The Needs of Women Verse Men in a Marriage

In Choice, Families, father, Gender, Marriage, The Family, Values on January 19, 2016 at 8:13 am
marriage feet in bedby Keely Tanner
Have you ever wondered “what is it that my husband really needs?” Or “What can I do to understand my wife?” These are questions that committed wives and husbands ask themselves all the time. Now we may not know all  the answers and everyone is different, but we all have needs in our relationships–especially in a marriage.
According to Dr. Mark D. Ogletree, a licensed professional counselor who treats individuals, couples and families dealing with relationship difficulties, men and women’s needs are usually quite different.
Women’s basic needs:
Affection: a symbol of security, protection, comfort, and approval.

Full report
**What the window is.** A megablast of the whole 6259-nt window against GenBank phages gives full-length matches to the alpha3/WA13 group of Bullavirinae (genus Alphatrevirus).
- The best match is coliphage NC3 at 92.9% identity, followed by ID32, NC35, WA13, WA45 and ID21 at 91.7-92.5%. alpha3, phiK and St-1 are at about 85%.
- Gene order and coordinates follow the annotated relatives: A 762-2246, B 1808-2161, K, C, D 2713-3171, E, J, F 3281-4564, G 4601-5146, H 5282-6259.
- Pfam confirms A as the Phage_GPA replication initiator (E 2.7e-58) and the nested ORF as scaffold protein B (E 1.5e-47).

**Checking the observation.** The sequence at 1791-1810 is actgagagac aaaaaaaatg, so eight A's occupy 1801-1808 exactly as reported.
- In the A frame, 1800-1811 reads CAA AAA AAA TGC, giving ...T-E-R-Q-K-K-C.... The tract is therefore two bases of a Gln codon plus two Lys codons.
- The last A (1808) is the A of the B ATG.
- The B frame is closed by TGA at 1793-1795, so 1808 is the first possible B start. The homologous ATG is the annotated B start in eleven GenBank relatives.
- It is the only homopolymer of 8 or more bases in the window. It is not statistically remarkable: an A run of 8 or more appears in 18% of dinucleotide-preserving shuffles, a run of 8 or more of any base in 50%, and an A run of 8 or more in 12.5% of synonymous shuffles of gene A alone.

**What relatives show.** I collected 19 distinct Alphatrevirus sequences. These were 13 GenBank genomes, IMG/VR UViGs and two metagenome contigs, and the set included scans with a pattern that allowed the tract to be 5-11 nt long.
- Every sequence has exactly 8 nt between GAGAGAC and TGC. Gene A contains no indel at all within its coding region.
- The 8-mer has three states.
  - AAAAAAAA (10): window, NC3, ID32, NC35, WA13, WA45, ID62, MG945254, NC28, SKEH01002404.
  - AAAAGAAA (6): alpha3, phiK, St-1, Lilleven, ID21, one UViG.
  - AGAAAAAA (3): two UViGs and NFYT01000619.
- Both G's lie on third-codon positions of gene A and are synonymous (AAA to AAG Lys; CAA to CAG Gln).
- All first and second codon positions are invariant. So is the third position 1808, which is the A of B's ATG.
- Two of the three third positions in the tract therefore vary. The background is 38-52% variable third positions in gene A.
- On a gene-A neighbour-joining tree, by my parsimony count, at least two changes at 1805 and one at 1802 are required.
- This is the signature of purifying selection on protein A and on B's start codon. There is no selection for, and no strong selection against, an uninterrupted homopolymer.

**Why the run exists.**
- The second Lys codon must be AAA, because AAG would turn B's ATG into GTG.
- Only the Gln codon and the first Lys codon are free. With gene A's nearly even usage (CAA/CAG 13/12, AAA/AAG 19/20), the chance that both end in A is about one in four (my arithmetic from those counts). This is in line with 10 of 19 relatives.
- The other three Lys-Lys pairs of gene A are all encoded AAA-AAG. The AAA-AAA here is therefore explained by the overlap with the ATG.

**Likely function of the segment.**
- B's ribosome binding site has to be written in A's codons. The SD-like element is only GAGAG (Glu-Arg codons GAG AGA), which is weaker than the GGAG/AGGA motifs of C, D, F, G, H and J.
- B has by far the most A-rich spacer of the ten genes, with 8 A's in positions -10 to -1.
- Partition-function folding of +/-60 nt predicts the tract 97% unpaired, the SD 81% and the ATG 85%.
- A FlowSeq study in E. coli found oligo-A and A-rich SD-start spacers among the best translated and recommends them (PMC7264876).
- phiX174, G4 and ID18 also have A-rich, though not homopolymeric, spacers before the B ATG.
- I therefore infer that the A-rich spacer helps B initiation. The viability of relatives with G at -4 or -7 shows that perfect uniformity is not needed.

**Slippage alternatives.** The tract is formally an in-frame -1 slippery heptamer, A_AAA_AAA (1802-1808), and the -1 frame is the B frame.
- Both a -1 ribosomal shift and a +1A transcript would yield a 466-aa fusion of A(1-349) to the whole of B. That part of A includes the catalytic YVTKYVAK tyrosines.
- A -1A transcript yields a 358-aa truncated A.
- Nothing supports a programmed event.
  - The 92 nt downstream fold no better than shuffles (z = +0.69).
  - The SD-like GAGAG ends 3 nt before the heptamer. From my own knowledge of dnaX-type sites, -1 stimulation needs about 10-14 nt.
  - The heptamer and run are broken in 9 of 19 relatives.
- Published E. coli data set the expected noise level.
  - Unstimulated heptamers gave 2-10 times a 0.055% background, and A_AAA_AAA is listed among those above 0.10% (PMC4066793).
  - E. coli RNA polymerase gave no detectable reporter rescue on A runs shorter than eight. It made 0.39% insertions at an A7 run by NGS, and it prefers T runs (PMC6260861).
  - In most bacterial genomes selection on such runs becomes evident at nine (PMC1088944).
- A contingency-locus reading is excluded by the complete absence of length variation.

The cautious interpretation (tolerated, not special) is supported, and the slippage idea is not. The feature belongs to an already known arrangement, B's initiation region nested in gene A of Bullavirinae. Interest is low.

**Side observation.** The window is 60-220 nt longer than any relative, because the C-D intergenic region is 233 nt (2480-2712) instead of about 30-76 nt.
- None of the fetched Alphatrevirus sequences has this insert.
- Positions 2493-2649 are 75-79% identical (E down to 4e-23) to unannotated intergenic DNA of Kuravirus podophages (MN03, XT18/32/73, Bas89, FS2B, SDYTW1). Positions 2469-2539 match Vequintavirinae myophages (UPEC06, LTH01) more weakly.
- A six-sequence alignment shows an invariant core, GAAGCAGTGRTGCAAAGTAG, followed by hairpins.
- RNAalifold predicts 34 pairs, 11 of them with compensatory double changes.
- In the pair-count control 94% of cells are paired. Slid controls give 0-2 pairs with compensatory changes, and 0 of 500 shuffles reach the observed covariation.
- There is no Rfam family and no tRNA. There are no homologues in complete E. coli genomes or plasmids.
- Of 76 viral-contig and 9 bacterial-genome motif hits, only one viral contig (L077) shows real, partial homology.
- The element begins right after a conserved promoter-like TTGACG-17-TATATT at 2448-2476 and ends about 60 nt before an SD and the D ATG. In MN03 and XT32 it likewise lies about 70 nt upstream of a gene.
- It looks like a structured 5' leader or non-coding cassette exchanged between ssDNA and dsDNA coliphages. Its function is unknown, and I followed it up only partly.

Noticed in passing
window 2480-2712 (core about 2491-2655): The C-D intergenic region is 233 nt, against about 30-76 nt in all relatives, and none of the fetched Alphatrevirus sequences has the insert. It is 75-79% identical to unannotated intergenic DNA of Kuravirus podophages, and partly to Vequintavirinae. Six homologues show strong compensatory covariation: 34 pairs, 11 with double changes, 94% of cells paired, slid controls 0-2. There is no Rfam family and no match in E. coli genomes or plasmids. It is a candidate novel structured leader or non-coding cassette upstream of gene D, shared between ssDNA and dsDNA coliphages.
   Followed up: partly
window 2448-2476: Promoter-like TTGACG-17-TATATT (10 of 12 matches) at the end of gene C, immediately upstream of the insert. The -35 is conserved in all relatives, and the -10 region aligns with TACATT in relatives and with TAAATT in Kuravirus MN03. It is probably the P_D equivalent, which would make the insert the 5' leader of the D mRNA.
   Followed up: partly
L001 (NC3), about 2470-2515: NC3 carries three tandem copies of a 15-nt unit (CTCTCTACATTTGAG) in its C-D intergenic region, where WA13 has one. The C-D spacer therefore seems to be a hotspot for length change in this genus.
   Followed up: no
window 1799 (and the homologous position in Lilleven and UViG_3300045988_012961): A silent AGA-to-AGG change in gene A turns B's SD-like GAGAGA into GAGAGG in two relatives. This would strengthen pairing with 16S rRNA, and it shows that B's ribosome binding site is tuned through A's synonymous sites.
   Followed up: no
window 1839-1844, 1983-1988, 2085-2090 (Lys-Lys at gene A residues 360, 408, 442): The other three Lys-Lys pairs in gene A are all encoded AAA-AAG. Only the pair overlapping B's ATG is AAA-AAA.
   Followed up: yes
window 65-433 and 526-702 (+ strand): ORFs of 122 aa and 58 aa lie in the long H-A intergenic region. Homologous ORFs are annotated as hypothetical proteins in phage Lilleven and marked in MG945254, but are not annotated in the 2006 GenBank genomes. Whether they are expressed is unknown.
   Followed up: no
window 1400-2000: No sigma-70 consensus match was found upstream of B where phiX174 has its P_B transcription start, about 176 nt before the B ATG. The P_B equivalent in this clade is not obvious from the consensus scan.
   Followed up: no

Conversation: “Talking to us helps us feel loved.” Meaningful communication is the key to a women’s heart.
Honesty and openness: “Being honest and open helps us feel connected and close.”
Financial support: Knowing that there is money to buy food and other basic needs for the family provides financial security.
Family commitment:  Spending quality time with the family and even extended family.
Men’s basic needs
Sexual affection:  Strengthens the marriage bond and the relationship.
Recreational fulfillment: Men like it when their wives enjoy doing the same activities that they enjoy.
An attractive spouse: Men appreciate a wife that takes care of yourself.
Domestic support: Having a clean and organized home for both the family and husband.
Admiration: Men want to feel admired. It helps them feel motivated and rewards the husband.
The needs of both husband and wife are  important to our marriage relationships. Core needs must be met:  Security, acceptance, respect, love, growth and progress. As we come to understand the needs of our husbands or wives we will be able to build a stronger and long-lasting relationship with them.